My experience with Andy McCabe: No criticizing James Comey allowed

Victoria Sarno Jordan

I don’t know former FBI Deputy Director Andrew McCabe. I’ve never met him. But I was supposed to. I was in an FBI car last June on my way to meet him and other top law enforcement leaders at a counterterrorism communications training event at the 9/11 Museum in New York City when McCabe suddenly ordered me not to show up. The car pulled up outside the museum and I was told not to come inside. I took a taxi back to my hotel and went home.

Based on my one and only experience with McCabe, it proved to me that he has a “circle the wagons and protect James Comey at all costs” approach that is inconsistent with the type of behavior our nation should expect from a man who, at the time, was leading the FBI.

{mosads}Here’s what happened. In January 2017, I was invited by then-FBI Director Comey to deliver the keynote address for a major meeting of law enforcement directors from the United States, United Kingdom, Australia, Canada and New Zealand. These English-speaking countries are called the Five Eyes nations. In addition to the FBI director and his foreign counterparts, the heads of the Drug Enforcement Administration and Immigration and Customs Enforcement were to attend. The meeting was a big deal. 

As someone who is an admirer and supporter of the FBI, I looked forward to going and sharing what I learned about how to communicate in a crisis. Having been the White House press secretary on Sept. 11, 2001, there was a lot I wanted to share with the Five Eyes leaders.

One month before the event, Comey was fired and McCabe became acting FBI director. The day prior to the event, Comey testified before the Senate Intelligence Committee. He acknowledged telling President Trump he was not under investigation, and he admitted he provided FBI memos to a friend so they could be leaked to The New York Times.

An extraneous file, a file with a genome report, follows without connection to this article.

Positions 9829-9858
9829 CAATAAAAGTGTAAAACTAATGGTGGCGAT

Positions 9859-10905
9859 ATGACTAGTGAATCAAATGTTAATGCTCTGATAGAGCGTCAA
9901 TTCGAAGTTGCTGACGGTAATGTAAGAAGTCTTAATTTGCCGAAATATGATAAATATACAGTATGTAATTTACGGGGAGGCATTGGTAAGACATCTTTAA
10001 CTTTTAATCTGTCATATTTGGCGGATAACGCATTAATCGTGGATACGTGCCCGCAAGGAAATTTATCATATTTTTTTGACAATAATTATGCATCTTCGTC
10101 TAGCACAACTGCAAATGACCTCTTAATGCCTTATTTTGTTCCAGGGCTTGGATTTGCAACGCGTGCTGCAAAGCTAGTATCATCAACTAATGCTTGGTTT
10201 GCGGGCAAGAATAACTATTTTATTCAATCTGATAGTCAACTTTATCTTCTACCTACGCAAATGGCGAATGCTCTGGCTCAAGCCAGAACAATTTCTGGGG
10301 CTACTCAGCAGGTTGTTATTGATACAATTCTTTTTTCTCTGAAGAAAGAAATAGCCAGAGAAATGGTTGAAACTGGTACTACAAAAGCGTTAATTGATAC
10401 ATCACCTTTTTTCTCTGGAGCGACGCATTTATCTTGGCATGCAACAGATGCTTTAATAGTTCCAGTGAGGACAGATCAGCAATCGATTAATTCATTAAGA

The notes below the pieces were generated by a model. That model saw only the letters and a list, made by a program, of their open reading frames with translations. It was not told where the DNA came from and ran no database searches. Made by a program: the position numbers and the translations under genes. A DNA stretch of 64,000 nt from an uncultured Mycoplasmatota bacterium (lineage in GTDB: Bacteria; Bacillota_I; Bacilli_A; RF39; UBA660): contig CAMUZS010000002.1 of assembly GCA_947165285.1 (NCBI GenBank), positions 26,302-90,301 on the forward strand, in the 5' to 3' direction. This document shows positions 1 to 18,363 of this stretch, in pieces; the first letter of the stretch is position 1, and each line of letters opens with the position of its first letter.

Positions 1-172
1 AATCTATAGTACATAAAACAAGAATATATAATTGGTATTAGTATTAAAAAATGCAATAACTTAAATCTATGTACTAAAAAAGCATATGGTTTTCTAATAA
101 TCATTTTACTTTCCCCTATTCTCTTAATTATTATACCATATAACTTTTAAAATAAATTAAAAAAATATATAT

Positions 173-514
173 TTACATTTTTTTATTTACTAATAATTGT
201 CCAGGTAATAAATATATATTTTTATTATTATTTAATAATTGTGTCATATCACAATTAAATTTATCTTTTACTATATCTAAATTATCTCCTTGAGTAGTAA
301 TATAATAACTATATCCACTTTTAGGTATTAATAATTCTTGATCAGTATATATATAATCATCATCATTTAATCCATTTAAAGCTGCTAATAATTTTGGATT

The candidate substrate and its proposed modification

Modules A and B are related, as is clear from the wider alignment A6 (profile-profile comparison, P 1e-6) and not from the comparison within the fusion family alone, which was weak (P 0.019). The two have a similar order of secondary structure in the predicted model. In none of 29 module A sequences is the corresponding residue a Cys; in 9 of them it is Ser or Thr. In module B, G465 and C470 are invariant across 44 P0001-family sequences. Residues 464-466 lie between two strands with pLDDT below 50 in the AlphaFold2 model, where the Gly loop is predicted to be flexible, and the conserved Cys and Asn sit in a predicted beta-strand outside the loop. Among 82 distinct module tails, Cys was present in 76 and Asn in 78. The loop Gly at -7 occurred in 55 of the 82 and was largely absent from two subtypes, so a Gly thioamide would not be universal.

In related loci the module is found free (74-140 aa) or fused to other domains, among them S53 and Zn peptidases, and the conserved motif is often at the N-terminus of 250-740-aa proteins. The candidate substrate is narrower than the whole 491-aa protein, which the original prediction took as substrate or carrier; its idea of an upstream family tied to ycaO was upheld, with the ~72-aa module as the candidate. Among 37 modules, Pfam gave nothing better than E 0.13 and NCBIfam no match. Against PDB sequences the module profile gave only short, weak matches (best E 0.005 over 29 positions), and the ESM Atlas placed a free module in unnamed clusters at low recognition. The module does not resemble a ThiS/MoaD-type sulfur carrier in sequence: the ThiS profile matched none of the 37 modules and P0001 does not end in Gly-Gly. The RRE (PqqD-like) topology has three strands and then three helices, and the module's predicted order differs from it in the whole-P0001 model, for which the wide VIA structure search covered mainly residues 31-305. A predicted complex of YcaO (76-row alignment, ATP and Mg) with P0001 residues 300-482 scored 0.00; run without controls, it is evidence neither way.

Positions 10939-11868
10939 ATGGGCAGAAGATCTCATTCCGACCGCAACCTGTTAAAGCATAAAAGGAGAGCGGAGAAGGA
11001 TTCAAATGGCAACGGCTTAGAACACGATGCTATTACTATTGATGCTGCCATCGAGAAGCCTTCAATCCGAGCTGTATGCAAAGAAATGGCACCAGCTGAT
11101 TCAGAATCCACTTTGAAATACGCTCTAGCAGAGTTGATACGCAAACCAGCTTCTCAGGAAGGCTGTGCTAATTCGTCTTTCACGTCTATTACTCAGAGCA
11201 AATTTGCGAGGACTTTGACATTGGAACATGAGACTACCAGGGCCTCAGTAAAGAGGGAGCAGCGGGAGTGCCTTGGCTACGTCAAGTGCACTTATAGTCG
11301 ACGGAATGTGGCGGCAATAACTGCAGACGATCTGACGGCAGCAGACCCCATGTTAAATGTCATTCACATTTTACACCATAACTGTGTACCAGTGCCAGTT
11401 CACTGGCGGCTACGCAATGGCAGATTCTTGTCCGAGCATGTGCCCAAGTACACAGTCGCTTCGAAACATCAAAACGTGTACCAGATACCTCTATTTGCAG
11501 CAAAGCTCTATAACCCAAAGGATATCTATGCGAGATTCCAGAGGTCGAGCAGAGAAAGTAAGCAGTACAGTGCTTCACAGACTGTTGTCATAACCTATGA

That evening, I went on Fox News and was mildly critical of Comey. I said when President Trump sought a one-on-one meeting with him, he should have resisted it, a statement Comey himself made at the hearing. The next morning, about an hour before I was due at the 9/11 Museum, I was on another TV show and again was mildly critical of Comey. I questioned the ethics of his leaking FBI memos to a private citizen so they could be given to the press. I also said I saw no evidence of collusion between President Trump and Russia.

I left the show, got into an FBI car and headed downtown for the counterterrorism training event. That’s when my assistant called me to tell me that she got a call from the acting FBI director’s office telling me not to show up. No explanation was provided.

I was infuriated. I couldn’t understand it. I had worked hard and prepared a lot of useful information for these law enforcement chiefs. I called McCabe’s chief of staff, James Rybicki, and asked him to arrange a call with McCabe.


On Monday, June 12, McCabe called me and said bluntly that he heard about what I said on the news and he made the decision to cancel my keynote speech. He said it was a particularly sensitive time for the FBI and, knowing what I said on the air, he thought his agents would be too upset to have me at the event.

I told him I thought his decision was “inappropriate.” I couldn’t believe he could be so thin-skinned that my mild remarks would lead him to cancel a counterterrorism training event. I also had a hard time believing his agents would be so upset by an opinion.

And that was that. I don’t know anything else about McCabe, other than what I have read in the press. But I do know that in this instance he demonstrated a “protect Comey at all costs” approach to his job that I find troubling.

It is McCabe’s right to be close to Comey. It is his right to see Comey as a mentor. But it was wrong of him to retaliate against someone because he didn’t like what they said about Comey on a news show. The FBI I know is better than this.

Ari Fleischer served as White House press secretary for President George W. Bush. He is now president of Ari Fleischer Communications.

Tags Andrew McCabe Donald Trump Government James Comey Justice Robert Mueller

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